Economic Implications of lockdown in India in the Wake of Covid-19
• The Indian Government has taken a prudent measure to lock down the entire country for prevention of the spread of the Covid-19 pandemic.
• Like any good thing to save lives this lockdown also will have inevitable fallout in terms of people at work, loss of production and decline in gross value added (or GVA). As industry sources indicate, a complete shutdown of all industries for one month, or so may lead to a fall in real manufacturing GVA by 5% in FY21.
• India has good storage of food, which should ensure that there is no problem of scarcity. The storage cost of this surplus can be utilised by feeding it to supply chains and to the poor.
• It is important at this juncture to have contribution as well as cooperation from private sector including social welfare organisations, societies and panchayat/village level organisations.
By now the total number of cases of Covid-19 in India have gone up to 606 and death toll due to it is at 10. Globally, this figure of cases is 452,168 and deaths recorded as 18,906. These figures and the situation are changing every moment. Thus, we attempt a preliminary quick assessment of economic implications of the prudent measure of the Indian Government to lockdown entire country for prevention of spread of pandemic.
Indeed, this prevention strategy of India follows two examples of South Korea and Japan, where the former adopted active search and Japan took recourse to the firewall approach but ultimately also used social distancing (telework, school closure, etc.). Thus, India’s lockdown, early detection and publicity have the potential to succeed.
Like any good thing to save lives, this lockdown also will have inevitable fallout in terms of people at work, loss of production and decline in gross value added (or GVA). As the sectoral break up indicates, the services sector accounts for 54.15% of GVA at 2011-12 prices with Agriculture & allied and Industry being at 14.39% and 31.46% respectively.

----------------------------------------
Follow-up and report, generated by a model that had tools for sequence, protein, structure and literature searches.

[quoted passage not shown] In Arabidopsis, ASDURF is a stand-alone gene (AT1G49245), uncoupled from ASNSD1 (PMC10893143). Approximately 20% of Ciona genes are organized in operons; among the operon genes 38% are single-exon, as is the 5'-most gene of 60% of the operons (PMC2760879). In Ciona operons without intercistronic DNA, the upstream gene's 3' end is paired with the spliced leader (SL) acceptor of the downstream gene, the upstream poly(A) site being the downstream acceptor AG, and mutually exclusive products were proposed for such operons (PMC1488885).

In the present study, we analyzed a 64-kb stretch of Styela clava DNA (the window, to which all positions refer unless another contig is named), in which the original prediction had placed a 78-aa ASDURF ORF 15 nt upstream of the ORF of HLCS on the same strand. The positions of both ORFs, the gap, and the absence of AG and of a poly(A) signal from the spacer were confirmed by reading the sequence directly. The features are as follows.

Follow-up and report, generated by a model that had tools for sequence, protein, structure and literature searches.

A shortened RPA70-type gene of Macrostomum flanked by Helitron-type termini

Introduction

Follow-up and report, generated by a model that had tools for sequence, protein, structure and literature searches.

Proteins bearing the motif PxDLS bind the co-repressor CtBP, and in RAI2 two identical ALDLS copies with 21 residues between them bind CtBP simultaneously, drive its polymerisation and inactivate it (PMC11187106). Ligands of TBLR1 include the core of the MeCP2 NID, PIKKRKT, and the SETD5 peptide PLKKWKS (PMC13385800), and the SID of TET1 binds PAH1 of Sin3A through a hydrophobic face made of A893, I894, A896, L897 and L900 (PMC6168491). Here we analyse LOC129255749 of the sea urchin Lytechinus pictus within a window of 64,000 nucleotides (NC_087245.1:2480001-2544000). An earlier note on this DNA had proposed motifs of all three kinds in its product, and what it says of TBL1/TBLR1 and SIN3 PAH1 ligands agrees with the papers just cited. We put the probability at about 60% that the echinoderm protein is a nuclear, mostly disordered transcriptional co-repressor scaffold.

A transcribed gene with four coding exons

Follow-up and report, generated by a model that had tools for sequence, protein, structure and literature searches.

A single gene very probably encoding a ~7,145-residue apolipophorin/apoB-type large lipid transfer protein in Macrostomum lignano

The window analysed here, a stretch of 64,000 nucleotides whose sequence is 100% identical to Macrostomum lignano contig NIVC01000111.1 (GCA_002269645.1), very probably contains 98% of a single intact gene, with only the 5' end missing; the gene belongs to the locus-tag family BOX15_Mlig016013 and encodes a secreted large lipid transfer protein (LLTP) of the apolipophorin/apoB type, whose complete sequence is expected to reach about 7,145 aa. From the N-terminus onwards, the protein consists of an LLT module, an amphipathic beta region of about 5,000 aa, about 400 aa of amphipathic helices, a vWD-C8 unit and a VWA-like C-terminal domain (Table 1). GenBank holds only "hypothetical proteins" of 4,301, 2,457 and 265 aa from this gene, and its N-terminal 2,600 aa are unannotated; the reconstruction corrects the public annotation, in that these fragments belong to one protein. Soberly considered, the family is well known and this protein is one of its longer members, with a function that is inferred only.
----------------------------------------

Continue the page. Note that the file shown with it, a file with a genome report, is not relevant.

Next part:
As a fall out, main segments of Indian manufacturing have stopped work. Among others, this includes auto makers, smart phone makers, consumer electronic firms and appliance majors, as also small and medium enterprises. Obviously, this may cause damage to production of key products.
As industry sources indicate, a complete shutdown of all industries for one month or so may lead to a fall in real manufacturing GVA by 5% in FY 21. In fact, plants have shut down operations in umpteen districts. Over 30% of construction workers have already stopped reporting to work at sites due to fear of infection and across the country, around 18,000 projects under construction are affected.
In manufacturing and mining, China is a big market for Indian stones and roughly 25 lakh people are employed in the Indian granite industry – more than half of them have lost jobs in Tamil Nadu because of the fall in demand. Similar is the case for key inputs for the textile industry — chemicals, dyes, resins and non-woven fabric etc. Service industries like tourist travel and restaurants report nearly 70-90% decline with drastic fall in home delivery of ready meals and other snacks.